Countries across the globe are struggling to cope with the most severe refugee crisis since the aftermath of World War II. Since the spring of 2015, more than 2 million (UNHCR 2017) new asylum claims were submitted in Europe alone, most of them from Syrian refugees who crossed into Europe via the Mediterranean Sea. In addition to the direct financial costs and economic consequences (Foged and Peri 2016) that transition and receiving countries bear, the crisis has resulted in severe political repercussions in many destination countries, including protests against asylum seekers and political violence directed at refugees (Editorial Board 2015). Perhaps most importantly, the ongoing refugee crisis may also have long-lasting electoral consequences by affecting natives’ political preferences and their attitudes toward asylum seekers.
Does the influx of refugees increase support for extreme-right parties? Despite heated debates about asylum policies and the allocation of refugees across Europe (Bansak, Hainmueller, and Hangartner 2017), there exists very little evidence regarding the impact of refugee arrivals on native voters’ political preferences and behavior. While there is a sizeable literature that documents a positive relationship between labor migration and vote shares for anti-immigrant parties in receiving countries (Barone et al.
2016; Mendez and Cutillas 2014; Halla, Wagner, and Zweimüller 2015; Brunner and Kuhn 2014; Becker et al.
2016), it is unclear how these findings translate to the context of refugee migration. Since humanitarian concerns are particularly important in structuring native attitudes toward asylum seekers (Bansak, Hainmueller, and Hangartner 2016), we would expect that host communities are ceteris paribus more welcoming to refugees than to labor migrants. Only recently have two important studies attempted to isolate the effects of refugee migration on electoral outcomes in Austria (Steinmayr 2016) and Denmark (Dustmann, Vasiljeva, and Damm 2016), with partially contradictory conclusions. This lack of knowledge is particularly problematic with respect to countries that have experienced a large influx of refugees within a very short period of time, such as Greece, which received more than 50% of all refugees crossing into Europe in 2015 (UNHCR 2016).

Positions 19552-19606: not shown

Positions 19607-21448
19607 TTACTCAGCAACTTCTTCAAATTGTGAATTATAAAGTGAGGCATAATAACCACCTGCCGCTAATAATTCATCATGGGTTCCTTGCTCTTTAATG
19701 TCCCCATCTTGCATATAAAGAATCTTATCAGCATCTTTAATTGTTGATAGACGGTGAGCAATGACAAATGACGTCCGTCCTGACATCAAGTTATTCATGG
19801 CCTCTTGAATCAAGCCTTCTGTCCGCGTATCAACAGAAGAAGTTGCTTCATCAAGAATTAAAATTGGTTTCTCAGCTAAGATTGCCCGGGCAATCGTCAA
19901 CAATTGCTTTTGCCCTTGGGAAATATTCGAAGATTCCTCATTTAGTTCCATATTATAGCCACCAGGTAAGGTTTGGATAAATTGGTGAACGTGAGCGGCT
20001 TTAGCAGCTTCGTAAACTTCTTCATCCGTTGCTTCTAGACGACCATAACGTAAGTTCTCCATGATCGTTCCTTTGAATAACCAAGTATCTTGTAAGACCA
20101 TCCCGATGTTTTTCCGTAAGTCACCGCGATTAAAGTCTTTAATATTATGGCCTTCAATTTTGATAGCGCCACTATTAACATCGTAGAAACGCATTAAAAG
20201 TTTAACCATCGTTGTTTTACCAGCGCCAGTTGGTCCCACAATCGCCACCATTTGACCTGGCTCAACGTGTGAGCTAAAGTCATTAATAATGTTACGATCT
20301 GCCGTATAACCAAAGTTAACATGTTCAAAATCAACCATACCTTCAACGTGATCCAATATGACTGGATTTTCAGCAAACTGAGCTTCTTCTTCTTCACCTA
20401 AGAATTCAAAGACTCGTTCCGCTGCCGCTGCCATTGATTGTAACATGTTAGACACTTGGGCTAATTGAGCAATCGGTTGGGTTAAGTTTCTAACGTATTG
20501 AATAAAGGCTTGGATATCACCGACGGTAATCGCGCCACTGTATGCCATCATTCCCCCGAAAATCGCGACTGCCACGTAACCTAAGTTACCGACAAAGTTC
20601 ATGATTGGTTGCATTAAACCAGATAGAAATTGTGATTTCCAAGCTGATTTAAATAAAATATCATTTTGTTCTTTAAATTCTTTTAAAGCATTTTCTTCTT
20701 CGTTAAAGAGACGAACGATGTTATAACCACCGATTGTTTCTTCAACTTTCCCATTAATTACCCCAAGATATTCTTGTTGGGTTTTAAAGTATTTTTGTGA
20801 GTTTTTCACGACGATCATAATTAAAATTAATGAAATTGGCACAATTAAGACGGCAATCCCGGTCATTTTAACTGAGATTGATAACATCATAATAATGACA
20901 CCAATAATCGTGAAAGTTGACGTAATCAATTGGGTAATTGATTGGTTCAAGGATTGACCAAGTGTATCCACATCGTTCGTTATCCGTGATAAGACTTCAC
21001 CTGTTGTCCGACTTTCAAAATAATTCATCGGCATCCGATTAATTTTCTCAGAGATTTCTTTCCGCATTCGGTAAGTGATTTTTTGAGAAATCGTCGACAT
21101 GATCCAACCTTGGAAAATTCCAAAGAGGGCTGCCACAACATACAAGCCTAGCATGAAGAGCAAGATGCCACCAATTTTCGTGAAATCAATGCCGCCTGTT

When trying to isolate the effect that exposure to refugees has on the political attitudes and behavior of the host population, the key problem for causal inference is that the number of arrivals is far from randomly assigned. Instead, the process through which refugees select between different potential host countries and communities depends on factors such as religious or cultural proximity, labor market conditions, and openness toward refugees (Neumayer 2004). In other words, refugees will, as much as possible, flee to communities that they can reach and where they are welcome. This selection process severely confounds most existing comparisons of the political responses of natives to the presence of asylum seekers and refugees. If we find that communities that experienced a large influx of refugees are less (or more) supportive of anti-immigrant parties than places that have not, we cannot conclude that these differences are caused by refugee arrivals, because the selection ensures that these two groups of communities are also different on many other confounding characteristics.
By focusing on Greece, one of the European countries most affected by the current refugee crisis, we overcome this issue by taking advantage of a natural experiment to identify the electoral consequences of refugee arrivals. As the refugee crisis unfolded in the waters of the Aegean in spring 2015, Greek islands were converted into the main intermediate points for the bulk of refugees passing through Greece to Europe. As such, Greek islands were differentially exposed to the influx of refugees merely because they were closer to or farther away from the Turkish coast where boats with refugees departed. For example, the island of Lesvos (with a population of about 80,000) saw more than 200,000 asylum seekers passing through between May and September 2015. Yet the neighboring island of Lemnos, which belongs to the same geographical and administrative unit and features similar socioeconomic and political conditions, did not receive any refugees over this period, simply because it is a few miles farther away from the Turkish coast (see Figure 1, Panel A, for a map of the Aegean Sea).
Figure 1. Panel A shows that islands close to the Turkish border received the most refugee arrivals per capita. Panel B shows the monthly number of asylum seekers arriving at Greek islands over the period from January 2014 to March 2016. During the study period, the first election took place just before the onset of the refugee crisis on January 25, 2015. A second election took place at the height of the refugee crisis on September 20, 2015.